What happens when you go to sleep hungry?
If you don’t keep an eye on the clock, you might occasionally find yourself going to bed hungry or eating late at night instead. Neither are necessarily great options. Skipping meals won’t cure your cravings, and the later you eat, the more likely you’ll make poor food choices. But don’t stress, it’s not necessarily all bad news, according to nutrition experts. If you’re hungry at night, but opt for sleep instead of food, here’s how your body might respond.
You could get less shut-eye
Hitting the hay without eating dinner could leave you tossing and turning into the wee hours of the morning. You might feel fine after skipping dinner, but when you finally fall asleep, hunger pangs keep the brain mentally alert, causing you to not get enough deep sleep at night, according to registered dietitian Wesley Delbridge. Going to bed hungry can actually backfire because you won’t get a full night’s rest, he explains. Try one of these nutritionist-approved healthy late-night snacks to avoid missing your z’s.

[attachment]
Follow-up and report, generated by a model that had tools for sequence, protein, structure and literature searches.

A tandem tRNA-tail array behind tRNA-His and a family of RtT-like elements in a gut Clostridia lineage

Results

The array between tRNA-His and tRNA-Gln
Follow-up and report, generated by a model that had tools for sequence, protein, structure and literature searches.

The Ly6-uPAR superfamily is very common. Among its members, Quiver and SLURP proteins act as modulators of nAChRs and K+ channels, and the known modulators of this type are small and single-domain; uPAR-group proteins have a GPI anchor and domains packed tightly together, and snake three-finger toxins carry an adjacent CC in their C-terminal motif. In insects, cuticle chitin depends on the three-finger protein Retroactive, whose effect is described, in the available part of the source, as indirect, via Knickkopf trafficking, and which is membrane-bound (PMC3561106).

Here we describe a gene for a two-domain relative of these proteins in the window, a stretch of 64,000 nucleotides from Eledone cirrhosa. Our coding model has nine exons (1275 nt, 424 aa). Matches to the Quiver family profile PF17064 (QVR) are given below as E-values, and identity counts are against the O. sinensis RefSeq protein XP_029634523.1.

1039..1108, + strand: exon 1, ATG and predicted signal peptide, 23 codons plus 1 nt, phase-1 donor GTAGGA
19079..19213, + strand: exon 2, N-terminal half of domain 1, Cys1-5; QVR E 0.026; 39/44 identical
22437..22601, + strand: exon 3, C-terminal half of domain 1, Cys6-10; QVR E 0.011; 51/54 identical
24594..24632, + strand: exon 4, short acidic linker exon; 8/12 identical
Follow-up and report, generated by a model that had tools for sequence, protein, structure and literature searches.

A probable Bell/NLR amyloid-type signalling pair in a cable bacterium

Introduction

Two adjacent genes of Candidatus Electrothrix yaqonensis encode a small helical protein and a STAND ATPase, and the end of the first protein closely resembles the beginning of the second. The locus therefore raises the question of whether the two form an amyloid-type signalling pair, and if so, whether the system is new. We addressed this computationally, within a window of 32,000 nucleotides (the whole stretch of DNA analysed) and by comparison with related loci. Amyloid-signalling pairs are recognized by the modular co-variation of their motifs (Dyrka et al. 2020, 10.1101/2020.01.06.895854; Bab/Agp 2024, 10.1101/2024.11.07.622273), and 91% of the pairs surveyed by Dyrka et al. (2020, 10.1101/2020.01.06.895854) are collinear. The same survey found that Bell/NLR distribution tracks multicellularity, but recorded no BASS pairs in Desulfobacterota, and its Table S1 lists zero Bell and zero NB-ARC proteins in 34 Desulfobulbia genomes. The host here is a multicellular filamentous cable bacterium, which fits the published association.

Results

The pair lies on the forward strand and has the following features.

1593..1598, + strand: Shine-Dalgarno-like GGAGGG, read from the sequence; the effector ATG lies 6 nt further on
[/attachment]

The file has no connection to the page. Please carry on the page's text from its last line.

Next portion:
You could gain weight
“A lot of people feel like they’re accomplishing something by going to bed hungry,” Delbridge says. But in reality, “the more you feel like you’re starving, the more likely you are to binge later on.” If you wait until you’re extremely hungry to eat, your blood sugar levels could fall so low that you’ll be tempted to wolf down whatever’s in sight. Even worse, sleeping on an empty stomach could lead to a big food binge in the a.m., peaking your blood sugar to unhealthy levels and throwing your metabolism for a loop for the rest of the day. Nibble on a square of dark chocolate or a small handful of nuts, if you’re hungry at night, to hold you over until the next morning.